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There is a huge tax problem in Greece. That being said, it pays to do an analysis where you look at tax revenue per capita related to GDP per capita. It's not an apples to oranges comparison between countries--obviously--since tax rates are different in every country. Whichever way you cut it, tax collection in Greece might seem meager to those in high tax Scandinavian countries, but not very different from other European countries. When you factor in the main industries in Greece (tourism especially) then its official tax evasion rate of 25% (some put it up to 30%) is perhaps a considered result, when compared to the EU tax evasion rate of 19%. Or, heck, 17% in the USA, where it is actually legal for a hedge fund manager to pay half the amount of tax on his income of hundreds of millions as someone in the $200k bracket.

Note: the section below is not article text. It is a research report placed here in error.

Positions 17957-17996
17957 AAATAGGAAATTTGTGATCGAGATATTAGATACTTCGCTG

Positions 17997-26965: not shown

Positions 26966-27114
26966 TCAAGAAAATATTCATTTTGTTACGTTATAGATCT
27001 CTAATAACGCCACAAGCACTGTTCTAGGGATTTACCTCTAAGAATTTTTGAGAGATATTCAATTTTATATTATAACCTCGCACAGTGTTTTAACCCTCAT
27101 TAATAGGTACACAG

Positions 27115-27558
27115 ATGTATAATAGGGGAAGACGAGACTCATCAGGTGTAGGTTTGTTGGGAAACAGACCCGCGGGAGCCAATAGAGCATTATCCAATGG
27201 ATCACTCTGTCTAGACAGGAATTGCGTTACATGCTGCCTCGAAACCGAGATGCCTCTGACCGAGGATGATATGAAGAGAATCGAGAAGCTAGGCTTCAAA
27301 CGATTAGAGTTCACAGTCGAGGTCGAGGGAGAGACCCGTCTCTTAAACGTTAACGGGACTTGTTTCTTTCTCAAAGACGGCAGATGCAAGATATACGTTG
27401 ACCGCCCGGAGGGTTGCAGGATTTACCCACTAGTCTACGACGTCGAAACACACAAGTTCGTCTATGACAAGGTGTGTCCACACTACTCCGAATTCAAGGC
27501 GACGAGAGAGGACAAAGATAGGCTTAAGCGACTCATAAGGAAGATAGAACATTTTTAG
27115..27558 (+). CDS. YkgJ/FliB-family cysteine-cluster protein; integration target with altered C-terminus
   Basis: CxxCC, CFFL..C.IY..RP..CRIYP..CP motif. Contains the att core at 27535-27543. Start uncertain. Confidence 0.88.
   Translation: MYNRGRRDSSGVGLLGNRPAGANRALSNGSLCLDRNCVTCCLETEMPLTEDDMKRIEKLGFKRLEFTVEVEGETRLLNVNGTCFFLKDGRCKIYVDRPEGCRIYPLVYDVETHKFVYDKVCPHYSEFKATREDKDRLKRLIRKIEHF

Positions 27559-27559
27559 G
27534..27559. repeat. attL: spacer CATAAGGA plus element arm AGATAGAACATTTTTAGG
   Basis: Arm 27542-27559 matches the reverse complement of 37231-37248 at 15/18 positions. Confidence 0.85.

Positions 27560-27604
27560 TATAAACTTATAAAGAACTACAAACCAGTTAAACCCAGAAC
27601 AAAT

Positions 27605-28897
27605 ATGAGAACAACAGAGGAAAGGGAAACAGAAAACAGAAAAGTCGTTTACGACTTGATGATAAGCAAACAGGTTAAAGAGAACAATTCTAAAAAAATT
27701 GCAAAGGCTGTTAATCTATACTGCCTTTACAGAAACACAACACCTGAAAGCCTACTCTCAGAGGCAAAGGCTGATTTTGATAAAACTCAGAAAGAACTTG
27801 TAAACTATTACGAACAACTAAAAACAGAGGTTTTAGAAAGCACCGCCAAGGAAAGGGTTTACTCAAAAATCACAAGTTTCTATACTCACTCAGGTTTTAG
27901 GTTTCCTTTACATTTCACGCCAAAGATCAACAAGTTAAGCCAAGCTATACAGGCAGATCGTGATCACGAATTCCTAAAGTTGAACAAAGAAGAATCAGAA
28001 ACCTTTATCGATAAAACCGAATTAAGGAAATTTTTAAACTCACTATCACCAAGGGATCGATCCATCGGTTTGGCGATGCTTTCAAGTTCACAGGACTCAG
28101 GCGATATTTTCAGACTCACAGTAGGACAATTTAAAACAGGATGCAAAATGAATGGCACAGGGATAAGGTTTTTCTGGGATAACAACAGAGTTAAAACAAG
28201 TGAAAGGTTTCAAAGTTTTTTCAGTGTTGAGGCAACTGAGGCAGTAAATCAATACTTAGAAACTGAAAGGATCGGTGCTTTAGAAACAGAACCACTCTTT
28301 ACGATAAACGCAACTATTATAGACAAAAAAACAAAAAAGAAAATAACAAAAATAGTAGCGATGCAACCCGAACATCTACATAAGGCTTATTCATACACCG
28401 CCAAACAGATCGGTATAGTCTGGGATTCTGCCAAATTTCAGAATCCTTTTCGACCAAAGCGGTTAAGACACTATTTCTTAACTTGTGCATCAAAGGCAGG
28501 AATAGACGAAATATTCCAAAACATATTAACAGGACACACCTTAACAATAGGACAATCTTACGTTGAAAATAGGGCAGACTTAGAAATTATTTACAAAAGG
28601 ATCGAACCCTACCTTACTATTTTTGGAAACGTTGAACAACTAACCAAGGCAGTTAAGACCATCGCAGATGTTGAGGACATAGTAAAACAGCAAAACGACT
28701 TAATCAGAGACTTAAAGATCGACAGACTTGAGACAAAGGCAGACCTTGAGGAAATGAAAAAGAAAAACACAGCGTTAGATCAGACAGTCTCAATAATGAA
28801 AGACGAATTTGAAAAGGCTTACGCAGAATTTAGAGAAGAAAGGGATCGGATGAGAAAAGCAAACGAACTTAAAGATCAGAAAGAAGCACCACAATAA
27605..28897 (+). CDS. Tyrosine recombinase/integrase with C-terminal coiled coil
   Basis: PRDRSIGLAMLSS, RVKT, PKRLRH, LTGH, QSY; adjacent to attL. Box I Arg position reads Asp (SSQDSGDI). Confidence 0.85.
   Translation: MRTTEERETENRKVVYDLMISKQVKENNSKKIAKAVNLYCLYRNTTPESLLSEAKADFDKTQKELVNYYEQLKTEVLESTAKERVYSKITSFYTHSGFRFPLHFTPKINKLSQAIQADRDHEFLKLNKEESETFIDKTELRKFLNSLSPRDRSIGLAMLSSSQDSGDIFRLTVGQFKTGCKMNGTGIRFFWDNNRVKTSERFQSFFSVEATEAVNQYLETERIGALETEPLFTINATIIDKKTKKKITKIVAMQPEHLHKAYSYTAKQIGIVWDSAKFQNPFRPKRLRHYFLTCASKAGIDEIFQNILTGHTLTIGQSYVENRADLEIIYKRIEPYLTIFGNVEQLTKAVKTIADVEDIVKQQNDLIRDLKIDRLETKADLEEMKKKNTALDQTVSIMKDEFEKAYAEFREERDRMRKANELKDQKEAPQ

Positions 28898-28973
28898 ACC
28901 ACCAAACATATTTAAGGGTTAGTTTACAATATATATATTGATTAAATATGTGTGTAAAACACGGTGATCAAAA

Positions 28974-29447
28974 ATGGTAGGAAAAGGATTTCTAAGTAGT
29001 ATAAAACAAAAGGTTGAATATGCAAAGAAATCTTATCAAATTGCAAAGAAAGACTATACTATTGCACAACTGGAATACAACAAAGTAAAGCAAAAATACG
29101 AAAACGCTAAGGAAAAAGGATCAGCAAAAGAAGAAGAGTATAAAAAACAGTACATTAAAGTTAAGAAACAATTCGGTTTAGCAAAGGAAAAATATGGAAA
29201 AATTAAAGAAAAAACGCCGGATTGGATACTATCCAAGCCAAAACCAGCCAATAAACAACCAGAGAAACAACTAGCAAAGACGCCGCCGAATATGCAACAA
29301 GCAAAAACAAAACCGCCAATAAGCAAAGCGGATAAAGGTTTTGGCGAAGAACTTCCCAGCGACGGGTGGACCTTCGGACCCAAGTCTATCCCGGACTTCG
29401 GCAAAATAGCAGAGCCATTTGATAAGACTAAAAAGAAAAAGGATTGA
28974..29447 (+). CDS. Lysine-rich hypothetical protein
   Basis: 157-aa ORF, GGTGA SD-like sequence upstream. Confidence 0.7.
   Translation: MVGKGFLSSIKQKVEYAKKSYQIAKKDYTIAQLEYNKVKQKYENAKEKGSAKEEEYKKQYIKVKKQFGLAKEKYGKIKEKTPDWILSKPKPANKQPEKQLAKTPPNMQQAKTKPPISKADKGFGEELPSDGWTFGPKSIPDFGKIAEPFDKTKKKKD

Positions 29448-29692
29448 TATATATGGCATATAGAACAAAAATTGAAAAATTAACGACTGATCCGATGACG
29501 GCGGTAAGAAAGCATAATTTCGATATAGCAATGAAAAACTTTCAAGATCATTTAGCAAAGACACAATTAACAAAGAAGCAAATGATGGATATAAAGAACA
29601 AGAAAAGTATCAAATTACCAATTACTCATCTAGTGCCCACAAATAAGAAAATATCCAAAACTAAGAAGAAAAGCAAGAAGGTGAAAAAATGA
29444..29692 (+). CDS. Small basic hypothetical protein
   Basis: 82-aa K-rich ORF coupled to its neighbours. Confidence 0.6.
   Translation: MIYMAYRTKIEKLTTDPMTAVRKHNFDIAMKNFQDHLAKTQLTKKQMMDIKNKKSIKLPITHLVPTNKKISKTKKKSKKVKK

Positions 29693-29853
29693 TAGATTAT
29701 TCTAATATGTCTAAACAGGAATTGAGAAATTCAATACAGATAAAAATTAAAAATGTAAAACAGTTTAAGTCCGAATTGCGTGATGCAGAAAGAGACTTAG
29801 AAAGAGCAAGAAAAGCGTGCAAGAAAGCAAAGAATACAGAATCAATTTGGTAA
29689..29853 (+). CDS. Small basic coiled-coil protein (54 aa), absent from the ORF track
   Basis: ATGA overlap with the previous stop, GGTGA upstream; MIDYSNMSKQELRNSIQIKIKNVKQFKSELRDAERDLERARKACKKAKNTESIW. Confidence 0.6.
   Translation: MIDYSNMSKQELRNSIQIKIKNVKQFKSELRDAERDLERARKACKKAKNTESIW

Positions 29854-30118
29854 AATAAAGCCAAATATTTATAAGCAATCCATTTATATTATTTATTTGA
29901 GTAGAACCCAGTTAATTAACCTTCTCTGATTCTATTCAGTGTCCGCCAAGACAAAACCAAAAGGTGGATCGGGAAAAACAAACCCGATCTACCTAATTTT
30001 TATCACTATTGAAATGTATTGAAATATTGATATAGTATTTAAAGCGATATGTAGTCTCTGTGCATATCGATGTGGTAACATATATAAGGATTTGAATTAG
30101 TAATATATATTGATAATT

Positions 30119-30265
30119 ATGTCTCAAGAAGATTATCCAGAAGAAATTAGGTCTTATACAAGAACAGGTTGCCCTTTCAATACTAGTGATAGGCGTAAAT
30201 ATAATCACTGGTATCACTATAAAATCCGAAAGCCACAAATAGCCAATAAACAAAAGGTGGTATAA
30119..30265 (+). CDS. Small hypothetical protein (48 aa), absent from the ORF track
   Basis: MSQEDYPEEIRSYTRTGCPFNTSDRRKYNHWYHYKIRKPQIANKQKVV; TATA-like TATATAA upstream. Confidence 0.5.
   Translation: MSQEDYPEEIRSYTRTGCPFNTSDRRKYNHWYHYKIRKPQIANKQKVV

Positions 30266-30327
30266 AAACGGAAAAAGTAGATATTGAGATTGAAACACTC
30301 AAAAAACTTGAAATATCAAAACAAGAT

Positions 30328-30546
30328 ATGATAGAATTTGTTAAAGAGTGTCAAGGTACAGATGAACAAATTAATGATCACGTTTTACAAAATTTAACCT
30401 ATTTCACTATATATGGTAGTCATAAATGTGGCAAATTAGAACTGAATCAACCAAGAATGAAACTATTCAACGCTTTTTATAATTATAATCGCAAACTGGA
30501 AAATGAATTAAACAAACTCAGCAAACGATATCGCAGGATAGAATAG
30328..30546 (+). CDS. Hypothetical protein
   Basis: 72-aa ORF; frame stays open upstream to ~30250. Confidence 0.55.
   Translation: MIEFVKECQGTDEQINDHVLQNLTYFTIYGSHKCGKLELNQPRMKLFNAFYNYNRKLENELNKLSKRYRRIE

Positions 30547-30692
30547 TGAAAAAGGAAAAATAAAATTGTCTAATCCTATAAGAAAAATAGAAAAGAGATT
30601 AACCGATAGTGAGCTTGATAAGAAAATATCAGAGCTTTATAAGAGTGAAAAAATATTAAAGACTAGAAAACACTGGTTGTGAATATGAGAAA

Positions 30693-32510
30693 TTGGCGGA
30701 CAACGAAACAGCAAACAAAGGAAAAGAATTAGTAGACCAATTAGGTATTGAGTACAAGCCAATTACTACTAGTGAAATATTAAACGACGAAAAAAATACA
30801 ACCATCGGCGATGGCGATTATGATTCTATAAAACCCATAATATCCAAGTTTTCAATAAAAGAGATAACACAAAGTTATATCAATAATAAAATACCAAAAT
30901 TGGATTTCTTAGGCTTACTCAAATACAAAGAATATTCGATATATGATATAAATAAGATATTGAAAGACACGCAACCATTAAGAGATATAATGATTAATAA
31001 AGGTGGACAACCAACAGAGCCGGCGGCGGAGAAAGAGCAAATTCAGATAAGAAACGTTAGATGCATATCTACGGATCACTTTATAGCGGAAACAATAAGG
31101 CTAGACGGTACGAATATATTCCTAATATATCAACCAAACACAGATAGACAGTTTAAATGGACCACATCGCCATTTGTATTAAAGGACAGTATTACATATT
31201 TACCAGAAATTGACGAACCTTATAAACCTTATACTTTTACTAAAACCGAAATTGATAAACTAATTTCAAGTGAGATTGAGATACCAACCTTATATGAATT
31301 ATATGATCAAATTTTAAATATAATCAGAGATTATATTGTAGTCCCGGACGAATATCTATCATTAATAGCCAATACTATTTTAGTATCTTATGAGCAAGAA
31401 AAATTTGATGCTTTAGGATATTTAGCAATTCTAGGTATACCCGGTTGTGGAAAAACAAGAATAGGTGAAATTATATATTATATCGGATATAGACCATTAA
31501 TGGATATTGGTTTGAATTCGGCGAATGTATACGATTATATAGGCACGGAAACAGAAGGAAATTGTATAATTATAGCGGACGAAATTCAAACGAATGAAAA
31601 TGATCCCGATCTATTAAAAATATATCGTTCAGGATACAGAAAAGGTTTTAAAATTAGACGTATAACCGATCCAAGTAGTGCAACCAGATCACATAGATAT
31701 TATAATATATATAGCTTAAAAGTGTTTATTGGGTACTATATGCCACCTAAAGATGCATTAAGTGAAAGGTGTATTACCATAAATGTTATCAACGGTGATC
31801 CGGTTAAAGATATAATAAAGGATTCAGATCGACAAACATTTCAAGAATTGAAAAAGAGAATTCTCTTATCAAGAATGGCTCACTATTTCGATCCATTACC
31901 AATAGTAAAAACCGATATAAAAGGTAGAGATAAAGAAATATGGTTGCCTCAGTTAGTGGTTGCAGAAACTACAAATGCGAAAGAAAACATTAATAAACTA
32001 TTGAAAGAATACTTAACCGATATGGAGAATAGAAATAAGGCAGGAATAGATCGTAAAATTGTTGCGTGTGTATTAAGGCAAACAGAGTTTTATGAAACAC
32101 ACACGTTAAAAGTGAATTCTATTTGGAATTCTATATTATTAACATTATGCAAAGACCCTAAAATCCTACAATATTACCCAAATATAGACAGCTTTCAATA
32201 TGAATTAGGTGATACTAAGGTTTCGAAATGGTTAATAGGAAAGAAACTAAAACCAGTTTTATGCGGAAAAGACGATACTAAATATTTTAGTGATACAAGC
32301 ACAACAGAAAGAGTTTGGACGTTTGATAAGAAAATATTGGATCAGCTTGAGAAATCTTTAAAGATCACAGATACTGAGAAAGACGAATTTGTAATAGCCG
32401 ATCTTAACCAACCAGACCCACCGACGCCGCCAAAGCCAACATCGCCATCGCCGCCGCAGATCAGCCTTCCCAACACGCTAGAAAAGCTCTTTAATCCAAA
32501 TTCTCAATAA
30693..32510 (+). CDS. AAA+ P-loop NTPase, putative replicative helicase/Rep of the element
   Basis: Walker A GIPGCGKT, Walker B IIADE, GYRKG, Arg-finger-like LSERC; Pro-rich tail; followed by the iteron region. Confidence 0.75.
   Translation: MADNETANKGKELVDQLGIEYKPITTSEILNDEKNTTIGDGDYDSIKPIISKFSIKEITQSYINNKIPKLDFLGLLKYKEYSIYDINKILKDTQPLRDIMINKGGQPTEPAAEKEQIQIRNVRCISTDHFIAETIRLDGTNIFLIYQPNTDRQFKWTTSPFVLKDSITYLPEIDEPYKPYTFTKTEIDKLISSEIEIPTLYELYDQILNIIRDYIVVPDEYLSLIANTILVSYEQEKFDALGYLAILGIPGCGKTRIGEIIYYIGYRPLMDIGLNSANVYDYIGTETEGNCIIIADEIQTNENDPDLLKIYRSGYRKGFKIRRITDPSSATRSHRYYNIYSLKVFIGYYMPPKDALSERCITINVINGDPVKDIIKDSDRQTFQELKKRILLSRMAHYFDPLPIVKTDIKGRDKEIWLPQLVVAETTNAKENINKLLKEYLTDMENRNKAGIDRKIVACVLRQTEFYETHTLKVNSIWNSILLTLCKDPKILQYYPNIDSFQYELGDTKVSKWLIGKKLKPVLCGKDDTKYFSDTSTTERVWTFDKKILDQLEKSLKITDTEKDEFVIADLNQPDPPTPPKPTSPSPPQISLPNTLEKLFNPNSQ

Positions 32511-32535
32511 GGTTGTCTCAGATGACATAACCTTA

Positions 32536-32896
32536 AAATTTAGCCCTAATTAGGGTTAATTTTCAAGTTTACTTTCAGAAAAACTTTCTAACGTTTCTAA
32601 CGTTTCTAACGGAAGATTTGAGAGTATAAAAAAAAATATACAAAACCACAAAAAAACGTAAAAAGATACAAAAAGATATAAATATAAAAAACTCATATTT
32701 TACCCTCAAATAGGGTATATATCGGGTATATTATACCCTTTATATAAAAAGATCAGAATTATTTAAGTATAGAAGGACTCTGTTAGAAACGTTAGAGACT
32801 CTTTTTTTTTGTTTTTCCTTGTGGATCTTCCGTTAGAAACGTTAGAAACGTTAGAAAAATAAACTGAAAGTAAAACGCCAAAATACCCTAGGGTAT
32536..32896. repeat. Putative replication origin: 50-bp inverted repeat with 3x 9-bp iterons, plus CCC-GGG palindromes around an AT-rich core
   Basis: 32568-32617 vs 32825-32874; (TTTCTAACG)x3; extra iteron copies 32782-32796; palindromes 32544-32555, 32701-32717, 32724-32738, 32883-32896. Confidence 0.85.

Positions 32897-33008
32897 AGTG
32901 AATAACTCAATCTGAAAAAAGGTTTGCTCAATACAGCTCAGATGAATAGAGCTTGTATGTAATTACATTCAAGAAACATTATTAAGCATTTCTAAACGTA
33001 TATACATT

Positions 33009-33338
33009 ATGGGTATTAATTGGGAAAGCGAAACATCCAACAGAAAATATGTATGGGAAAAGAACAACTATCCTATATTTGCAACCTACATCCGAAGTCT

I also question the lack of competitivity. Greece is not a high-tech manufacturing country. They are not competing for high-tech stakes. It does compete in agricultural markets, and in metals. Beyond that, however, tourism, banking and shipping are major industries.

The public sector is a whole other ball of wax which I can't say I understand because of the wide divergence of information about average salaries.

I will say though that if you bring together all the stories of Greek boondoggles with foreign companies, bribes and corruption, especially in the purchase of military weaponry, but also in bridges to nowhere and even security systems, you can easily come up with in excess of $100 billion over the last 10 years which the country did NOT absolutely need to spend.

by Upstate NY on Fri Feb 18th, 2011 at 11:37:37 AM EST
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